In the past, you would need several different tools working in tandem to deliver these results. But now, there exists a unified platform that integrates all of the above. Testuff is an all-in-one solution that removes the need to rely on numerous tools, editors, trackers, and electronic files. In addition, the Testuff suite includes video recording capabilities, allowing you to send information directly to your favorite issue tracker. All in one place for your exploratory testing needs.
As an added bonus, Testuff integrates all of these exploratory testing steps into one unified screen. Let’s review.
First, we need to learn how the product works. Go through the main use cases and isolate the user roles, the objects they work with, and the workflows required. When learning the features, focus on the results (i.e. output) to better understand what input data steps are needed to produce those result.
In Testuff, keep everything you’ve learned in the Requirements section. You can add a sketch of these requirements and then expand them with additional information.
To quickly add the set of found requirements, follow these steps:
- Go to the Requirements tab page.
- Click the three dots menu option, left of the Add requirement button.
- Select Quick add many option. The Quick Add Requirements dialogue will display.
- Type all requirements, one per line.
- Click Add to save the requirements.
You can easily add additional information to any of the requirements while learning more about the product. Simply double-click any requirement in the list or right-click the requirement and select Edit.
Testuff integrates with external requirements management tools. If you already have part of the requirements stored somewhere else, you can easily import them directly into Testuff. The synchronization is bi-directional, so any requirements found and recorded in Testuff can also be sent to the external tool.
It’s worth noting that Testuff allows you to add requirements in any format you wish, whether it is a feature in the backlog, user story, use case, or even a classical IEEE record. You can also attach documents and images to the requirements.
You will need the help of someone who is intimately familiar with the product (e.g. Product Manager, Product Owner, Business Analyst, etc.) to set the testing priorities for the requirements and verify whether you understood the requirements correctly. Change the priorities accordingly in Testuff.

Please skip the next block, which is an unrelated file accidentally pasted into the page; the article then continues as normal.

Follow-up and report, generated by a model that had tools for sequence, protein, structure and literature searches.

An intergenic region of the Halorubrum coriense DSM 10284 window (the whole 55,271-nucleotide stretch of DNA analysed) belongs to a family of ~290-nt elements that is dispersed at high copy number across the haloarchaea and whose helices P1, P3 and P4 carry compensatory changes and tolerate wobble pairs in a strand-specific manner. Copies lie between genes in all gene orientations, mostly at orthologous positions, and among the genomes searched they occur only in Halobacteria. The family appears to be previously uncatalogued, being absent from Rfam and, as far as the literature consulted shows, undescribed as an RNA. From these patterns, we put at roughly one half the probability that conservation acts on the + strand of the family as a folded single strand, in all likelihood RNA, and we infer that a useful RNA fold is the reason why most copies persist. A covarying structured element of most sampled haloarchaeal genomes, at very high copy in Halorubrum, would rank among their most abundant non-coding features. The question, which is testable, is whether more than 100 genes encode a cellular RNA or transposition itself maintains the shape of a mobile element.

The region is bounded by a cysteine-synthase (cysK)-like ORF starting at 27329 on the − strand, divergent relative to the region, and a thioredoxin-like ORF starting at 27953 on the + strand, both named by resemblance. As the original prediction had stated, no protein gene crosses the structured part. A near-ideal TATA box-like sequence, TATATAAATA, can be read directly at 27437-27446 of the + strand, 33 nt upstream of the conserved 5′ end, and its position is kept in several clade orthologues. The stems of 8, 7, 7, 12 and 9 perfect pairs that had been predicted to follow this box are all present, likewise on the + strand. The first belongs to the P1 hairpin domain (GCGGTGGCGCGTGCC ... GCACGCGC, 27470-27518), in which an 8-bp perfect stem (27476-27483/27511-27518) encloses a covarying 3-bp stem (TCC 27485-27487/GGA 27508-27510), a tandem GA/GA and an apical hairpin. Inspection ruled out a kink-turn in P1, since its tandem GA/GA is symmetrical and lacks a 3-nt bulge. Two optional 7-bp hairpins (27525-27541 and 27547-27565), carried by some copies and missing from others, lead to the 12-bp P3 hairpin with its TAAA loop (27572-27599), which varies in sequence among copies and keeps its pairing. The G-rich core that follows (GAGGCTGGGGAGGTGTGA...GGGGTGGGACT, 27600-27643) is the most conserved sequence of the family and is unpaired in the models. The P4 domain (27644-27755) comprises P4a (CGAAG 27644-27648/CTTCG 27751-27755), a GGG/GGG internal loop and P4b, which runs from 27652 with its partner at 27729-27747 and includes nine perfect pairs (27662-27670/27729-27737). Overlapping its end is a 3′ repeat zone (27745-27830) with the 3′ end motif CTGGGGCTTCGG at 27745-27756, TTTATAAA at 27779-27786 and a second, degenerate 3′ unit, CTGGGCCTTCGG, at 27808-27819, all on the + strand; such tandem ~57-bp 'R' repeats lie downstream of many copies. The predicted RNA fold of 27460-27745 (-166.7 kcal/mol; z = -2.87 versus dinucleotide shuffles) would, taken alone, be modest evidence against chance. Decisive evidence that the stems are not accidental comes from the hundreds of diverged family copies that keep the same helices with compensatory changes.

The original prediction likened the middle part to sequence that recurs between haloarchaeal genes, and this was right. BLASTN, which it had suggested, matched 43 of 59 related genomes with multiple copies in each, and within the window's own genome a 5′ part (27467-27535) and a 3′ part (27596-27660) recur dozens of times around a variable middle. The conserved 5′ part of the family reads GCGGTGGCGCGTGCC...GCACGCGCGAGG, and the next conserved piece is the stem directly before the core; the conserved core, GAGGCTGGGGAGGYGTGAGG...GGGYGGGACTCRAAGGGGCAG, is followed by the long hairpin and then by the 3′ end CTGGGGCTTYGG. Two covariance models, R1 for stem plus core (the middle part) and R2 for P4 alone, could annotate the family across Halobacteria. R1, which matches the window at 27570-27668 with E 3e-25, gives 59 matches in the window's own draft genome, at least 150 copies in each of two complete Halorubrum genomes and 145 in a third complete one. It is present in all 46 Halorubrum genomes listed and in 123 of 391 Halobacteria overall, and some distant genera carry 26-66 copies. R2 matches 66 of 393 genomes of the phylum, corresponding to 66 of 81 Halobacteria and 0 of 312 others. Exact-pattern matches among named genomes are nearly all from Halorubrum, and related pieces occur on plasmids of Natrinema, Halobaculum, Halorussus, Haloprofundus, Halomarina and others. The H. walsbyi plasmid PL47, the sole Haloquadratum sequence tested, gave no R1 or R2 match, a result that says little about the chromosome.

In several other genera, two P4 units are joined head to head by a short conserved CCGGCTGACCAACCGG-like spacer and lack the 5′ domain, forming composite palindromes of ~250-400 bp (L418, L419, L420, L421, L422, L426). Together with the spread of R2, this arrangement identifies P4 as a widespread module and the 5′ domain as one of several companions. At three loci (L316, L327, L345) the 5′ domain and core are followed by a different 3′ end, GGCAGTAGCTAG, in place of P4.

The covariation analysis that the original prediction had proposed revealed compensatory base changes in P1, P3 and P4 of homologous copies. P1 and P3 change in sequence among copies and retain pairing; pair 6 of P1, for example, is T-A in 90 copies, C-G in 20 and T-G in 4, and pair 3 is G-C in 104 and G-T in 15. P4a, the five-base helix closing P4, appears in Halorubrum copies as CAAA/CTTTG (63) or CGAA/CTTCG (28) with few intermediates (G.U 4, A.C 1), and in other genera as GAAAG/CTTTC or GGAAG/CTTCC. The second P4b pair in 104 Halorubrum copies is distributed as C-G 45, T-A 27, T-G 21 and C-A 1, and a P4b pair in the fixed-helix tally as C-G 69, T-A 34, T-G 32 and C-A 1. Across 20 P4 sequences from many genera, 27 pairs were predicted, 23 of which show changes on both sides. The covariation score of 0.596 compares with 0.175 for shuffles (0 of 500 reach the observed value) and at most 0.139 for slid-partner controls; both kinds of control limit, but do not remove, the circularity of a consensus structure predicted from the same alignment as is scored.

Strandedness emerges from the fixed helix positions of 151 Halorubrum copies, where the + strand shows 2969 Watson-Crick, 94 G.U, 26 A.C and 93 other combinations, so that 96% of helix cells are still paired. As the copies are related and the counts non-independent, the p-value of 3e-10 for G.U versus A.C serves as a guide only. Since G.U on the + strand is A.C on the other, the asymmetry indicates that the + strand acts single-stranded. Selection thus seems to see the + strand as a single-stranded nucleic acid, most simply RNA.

With the basic product information clearly defined, the next step involves outlining future tests.
In exploratory testing, time is usually critical. And thus, you want to be able to design the tests as quickly as possible. Fortunately, Testuff removes the need to jump from one tab to another – all exploratory testing work can be done right in the Requirements tab page.
The first thing to do will be to create Suites, based on the requirements you have.
Select a Requirement and click on the three dots menu option at its right, select the Link suites option and now click on Create Suite and link it. This will create a suite with the name of the requirement, in the Tests screen. This suite will be linked to the requirement, which means that Testuff will handle the relation between the tests in the suite and the requirement.
Now that you have the suites, you can start creating a list of tests. This is straightforward:
- In the Requirements tab page, select a requirement you want to test.
- Click the Three dots menu option at right of the requirement and select the Add test option.
- Select the suite you want to include to the new test in Select suite dialog.
- Type the name of the test, steps, and expected results. The example down below is a description for a simple “positive” test. Click Save and Close when you are done.
For exploratory testing, we already have enough information to begin executing our tests. We can only make educated guesses about the tests and expected results at this moment. We’ll validate these data in future steps.